Holiday concert to spread cheer

Emily Foster

Staff Writer

Troy University will be hosting the Troy Arts Council’s biggest event of the year, “The Shelia and Friends Christmas Concert,” in the Claudia Crosby Theater at 7 p.m. on Friday, Dec. 1.

“(Shelia Jackson) is a local talent,” said John Jinright, the event coordinator of the council and an associate professor of music. “She attended Troy and has always supported the university in many, many ways.

“She likes to give this concert as kind of a gift to the community.”

Tickets will be free for the first 125 students to show up to the Smith box office and $10 after that. Jinright urged students to arrive at Claudia Crosby early because there is always a large crowd, and they might otherwise be sitting in the balcony.

“Every year we’re nearly sold out if not completely sold out,” said Quinton Cockrell, stage manager for the show and an associate professor of theater. “Tickets are in high demand towards the end.”

The show will be split into halves with an intermission in between. The first half will be mainly contemporary and popular music, and the second half will be Christmas and holiday music.

“It’s a musical extravaganza,” Cockrell said. “People from the university, the community, the neighboring communities will come in and either sing with Shelia or do a song of their own.”

“We seem to make it bigger every year,” said Jinright. “This year, she is involving a whole cast of local musicians.”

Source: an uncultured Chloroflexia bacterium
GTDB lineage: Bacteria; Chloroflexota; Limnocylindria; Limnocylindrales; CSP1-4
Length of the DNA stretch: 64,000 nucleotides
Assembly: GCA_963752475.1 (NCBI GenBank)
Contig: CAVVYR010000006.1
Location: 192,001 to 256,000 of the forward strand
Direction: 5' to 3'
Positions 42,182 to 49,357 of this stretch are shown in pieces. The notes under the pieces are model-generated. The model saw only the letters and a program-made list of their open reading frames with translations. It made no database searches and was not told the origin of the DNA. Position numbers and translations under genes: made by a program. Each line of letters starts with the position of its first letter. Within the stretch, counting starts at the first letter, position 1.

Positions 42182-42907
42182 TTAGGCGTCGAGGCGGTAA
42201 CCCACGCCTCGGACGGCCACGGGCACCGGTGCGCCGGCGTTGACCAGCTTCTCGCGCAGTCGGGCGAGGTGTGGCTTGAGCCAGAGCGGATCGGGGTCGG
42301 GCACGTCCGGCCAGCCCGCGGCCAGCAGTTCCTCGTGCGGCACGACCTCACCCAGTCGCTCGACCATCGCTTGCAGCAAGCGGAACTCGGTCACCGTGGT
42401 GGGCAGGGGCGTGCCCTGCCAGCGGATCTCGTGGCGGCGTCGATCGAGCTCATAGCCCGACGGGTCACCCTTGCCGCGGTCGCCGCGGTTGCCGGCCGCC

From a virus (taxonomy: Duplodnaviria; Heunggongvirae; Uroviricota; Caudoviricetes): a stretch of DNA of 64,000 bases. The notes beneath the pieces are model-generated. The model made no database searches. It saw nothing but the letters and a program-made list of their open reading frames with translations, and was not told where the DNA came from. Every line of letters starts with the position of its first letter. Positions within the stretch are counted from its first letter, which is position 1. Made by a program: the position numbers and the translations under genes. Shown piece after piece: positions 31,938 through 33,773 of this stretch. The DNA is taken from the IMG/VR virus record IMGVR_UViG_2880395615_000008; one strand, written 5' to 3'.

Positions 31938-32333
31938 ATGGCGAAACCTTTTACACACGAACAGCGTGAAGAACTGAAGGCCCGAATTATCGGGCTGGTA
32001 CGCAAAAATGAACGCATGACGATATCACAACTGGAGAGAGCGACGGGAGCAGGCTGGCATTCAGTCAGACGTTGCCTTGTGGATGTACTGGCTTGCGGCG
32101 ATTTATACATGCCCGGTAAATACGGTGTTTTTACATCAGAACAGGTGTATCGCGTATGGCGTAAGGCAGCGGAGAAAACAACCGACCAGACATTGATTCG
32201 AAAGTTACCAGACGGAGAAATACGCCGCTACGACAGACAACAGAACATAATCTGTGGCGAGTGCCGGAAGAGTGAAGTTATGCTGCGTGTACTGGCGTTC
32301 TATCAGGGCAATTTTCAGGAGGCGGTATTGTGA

Faculty and students from Troy will also be performing. According to Carlton Hedman, a senior theater major and dance minor from Niceville, Florida, and a dancer in the show, about 70-80 percent of the show includes dancing performed by students from Troy’s department of theater and dance.

“We’re doing background material for Shelia Jackson,” said Hedman. “Whatever numbers that she does, whether it be ‘Rock Around the Christmas Tree’ or ‘Mary Did You Know,’ we’re just there to add effects and spice up the holiday cheer and joy.”

The show involves many different people from the community, including churches, children, members of the university and different soloists.

“It’s just a big community event that I think everybody looks forward to every year,” said Cockrell. “It’s good music; it’s good fun.

“I’ve been participating in it for the past three or four years, and every time it’s been a gratifying experience, and the audience has always enjoyed it.”

Around 900 people are expected to be in attendance to help wrap up the semester and bring in the holiday cheer.

“It’s just all about coming together and being happy for the holidays before everyone goes home,” said Hedman.

“It’s a fun show,” said Jinright. “It’s a real joy to be involved.

“This is for many people the favorite thing that the local Arts Council does. It’s become a tradition. We’re keeping it alive.”

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